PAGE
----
Scientists attack maize’s fungal invader to save lost crops

Global health and food security is being threatened by fungus, as the fungus Aspergillus has been invading maize crops across the world. This is a problem because the fungus produces a protein called aflatoxin, which is toxic to humans and other animals, making the corn inedible. The toxic protein can cause liver cancer, as the liver metabolises it into harmful reactive chemicals.

Maize, commonly known as corn, is not only a dietary staple for humans but is used in animal feed and biofuel production. This fungal destruction of maize is happening at a time when worldwide demand for maize is increasing. The fungus thrives in warm, humid conditions where maize is grown and stored.

But genetic modification (GM) can help fight the fungus. GM maize can battle fungal takeover, stopping it from producing the toxic protein. This is great news as this new type of maize can protect itself without the use of fungicides, which can be expensive and damaging to the environment. The GM maize protects itself by RNA interference. But what is RNA interference?

Well, RNA interference works just like your flatmate… stay with me. To be produce a protein, like aflatoxin, RNA, a type of genetic material, must be read by your cell. Working like recipe instructions, RNA dictates which ‘ingredients’ are brought together to make a specific protein.

But this GM maize produces a gene-silencing RNA molecule. This is your flatmate. Whilst you’re trying to read, they interfere, blasting obnoxious tunes from the 90s. Your reading process is blocked.  Gene-silencing RNA molecules interfere with cellular activity, therefore the RNA ‘recipe’ can no longer be read. This stops the toxic protein being produced.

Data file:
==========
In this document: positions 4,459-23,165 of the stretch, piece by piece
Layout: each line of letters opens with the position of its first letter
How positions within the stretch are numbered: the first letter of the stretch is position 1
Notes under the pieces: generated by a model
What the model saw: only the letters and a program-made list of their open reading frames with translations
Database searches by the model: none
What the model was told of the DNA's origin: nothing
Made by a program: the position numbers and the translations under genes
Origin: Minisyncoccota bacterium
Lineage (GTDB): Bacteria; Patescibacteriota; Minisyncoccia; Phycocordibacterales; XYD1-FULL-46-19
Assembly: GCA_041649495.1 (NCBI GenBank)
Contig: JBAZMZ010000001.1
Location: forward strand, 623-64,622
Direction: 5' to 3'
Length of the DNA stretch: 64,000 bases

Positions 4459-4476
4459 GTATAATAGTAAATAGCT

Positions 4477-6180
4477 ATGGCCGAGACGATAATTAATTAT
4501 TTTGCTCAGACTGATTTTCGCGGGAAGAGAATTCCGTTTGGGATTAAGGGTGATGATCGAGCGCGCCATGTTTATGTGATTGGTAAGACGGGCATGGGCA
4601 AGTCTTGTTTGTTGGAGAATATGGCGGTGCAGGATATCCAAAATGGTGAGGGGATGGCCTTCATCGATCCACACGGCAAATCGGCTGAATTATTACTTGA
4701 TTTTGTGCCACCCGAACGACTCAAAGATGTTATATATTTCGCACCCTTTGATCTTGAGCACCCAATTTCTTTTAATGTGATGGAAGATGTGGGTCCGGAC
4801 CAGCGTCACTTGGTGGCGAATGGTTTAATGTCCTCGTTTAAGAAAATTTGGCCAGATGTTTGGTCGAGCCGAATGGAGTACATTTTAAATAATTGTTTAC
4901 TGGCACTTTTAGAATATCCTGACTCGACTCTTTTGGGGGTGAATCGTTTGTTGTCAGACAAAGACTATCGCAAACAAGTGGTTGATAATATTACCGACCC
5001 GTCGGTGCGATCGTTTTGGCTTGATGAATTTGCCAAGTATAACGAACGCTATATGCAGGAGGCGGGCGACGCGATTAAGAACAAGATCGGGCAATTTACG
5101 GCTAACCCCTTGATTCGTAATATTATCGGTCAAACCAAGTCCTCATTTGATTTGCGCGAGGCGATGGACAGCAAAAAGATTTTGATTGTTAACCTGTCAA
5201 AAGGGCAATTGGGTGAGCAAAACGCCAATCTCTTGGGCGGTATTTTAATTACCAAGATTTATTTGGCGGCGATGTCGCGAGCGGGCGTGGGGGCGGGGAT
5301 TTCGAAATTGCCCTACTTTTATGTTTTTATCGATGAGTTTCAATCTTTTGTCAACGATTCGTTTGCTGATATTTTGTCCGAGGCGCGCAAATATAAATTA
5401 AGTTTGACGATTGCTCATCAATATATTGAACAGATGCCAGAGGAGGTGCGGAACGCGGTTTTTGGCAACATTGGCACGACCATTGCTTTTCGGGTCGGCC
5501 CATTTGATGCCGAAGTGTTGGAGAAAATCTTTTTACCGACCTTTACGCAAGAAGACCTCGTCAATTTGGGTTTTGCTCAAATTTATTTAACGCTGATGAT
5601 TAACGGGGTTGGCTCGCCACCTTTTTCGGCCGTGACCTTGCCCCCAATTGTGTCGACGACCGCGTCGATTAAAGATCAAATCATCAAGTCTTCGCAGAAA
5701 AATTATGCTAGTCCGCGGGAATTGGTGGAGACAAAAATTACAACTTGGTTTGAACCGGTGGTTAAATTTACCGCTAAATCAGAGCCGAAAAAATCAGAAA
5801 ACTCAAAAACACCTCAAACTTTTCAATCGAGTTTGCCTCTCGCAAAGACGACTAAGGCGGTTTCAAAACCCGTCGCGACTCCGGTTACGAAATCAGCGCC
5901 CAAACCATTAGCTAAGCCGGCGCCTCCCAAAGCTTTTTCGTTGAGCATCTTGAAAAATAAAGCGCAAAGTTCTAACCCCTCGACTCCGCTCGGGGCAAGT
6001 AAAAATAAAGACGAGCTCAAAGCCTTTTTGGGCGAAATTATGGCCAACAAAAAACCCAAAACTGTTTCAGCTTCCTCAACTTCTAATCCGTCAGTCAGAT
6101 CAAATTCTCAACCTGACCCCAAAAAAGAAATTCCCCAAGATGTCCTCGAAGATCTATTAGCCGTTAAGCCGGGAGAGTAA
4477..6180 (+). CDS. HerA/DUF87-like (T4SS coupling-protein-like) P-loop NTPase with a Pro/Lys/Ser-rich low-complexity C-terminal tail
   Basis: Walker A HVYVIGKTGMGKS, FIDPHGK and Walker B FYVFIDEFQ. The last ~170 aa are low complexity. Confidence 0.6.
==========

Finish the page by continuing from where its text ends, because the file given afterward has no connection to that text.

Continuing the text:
However, fungus is persistent. Growth must be fought at multiple stages. It is important that harvested maize is stored correctly. Unless stored in dry conditions with limited oxygen, fungus can still grow. Even GM maize is at risks. The process of RNA interference can only happen when maize is growing. It cannot happen after harvesting maize. If we are to protect this valuable crop and keep it safe for consumption, steps to protect it from fungal attack need to be put in place throughout the supply chain.

Co-author, Monica Schmidt acknowledges that GM maize might fight fungal production of toxins in a lab setting. However, tackling the toxin in a field setting may present new challenges. In the real-world, Aspergillus fungus is genetically diverse. Therefore, the interfering RNA may not always stop the toxin from being produced. She suggests that the next step is creating GM maize that stops the fungus from growing at all.

Image: PixaBay

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